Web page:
French artist Abraham Poincheval was freed from a block of stone in a Paris museum on Wednesday after spending seven days enclosed in it.
He entombed himself in a body-shaped slot carved in a 12-ton limestone boulder on Feb 22 at Paris' Palais de Tokyo contemporary art museum.
Poincheval, 44, ate stewed fruit and purees while breathing through an air vent. He had some personal items such as a log book and an emergency phone line.
On Wednesday, workmen pulled apart the two halves of the rock and Poincheval gingerly climbed out. He made a V-for-victory sign as two men helped him to a chair at the Palais de Tokyo gallery.
"I'm a little dazed, which I imagine is totally normal after one week living in a rock (...) which hosted me well. I thank it very much for having been so enthusiastic about welcoming me," he told reporters minutes after his release.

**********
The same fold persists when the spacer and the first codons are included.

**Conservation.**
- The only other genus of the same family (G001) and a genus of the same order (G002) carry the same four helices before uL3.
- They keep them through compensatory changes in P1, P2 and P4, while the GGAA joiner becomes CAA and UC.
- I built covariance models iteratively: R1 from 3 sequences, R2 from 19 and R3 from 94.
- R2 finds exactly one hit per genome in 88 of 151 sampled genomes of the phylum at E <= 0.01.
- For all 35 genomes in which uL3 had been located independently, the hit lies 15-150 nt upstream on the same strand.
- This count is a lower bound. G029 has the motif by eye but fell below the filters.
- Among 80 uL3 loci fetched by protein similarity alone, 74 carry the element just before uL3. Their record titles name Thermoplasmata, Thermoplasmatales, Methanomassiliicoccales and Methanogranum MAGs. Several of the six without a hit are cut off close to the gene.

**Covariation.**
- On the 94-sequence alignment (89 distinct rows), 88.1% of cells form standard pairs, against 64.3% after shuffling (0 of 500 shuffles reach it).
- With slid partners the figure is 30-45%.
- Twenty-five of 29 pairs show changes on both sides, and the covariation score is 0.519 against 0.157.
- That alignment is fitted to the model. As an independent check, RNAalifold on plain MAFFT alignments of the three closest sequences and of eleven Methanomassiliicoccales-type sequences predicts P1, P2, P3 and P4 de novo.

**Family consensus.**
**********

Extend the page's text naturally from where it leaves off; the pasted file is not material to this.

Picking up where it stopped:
"It's this strange feeling of a floating world, an incredible floating in this mineral capsule," he said after undergoing a post-experiment medical exam.
"Yes, there were very long moments of loss of self, where suddenly (...) you no longer know where you are, but you are there, and that is what was great (about it)," he added.
Poincheval specializes in endurance-testing solitary performances. In 2014, he spent 13 days living inside a hollowed-out bear sculpture, eating worms and beetles to mirror a bear's diet.
His next performance will involve sitting on eggs in an attempt to hatch them.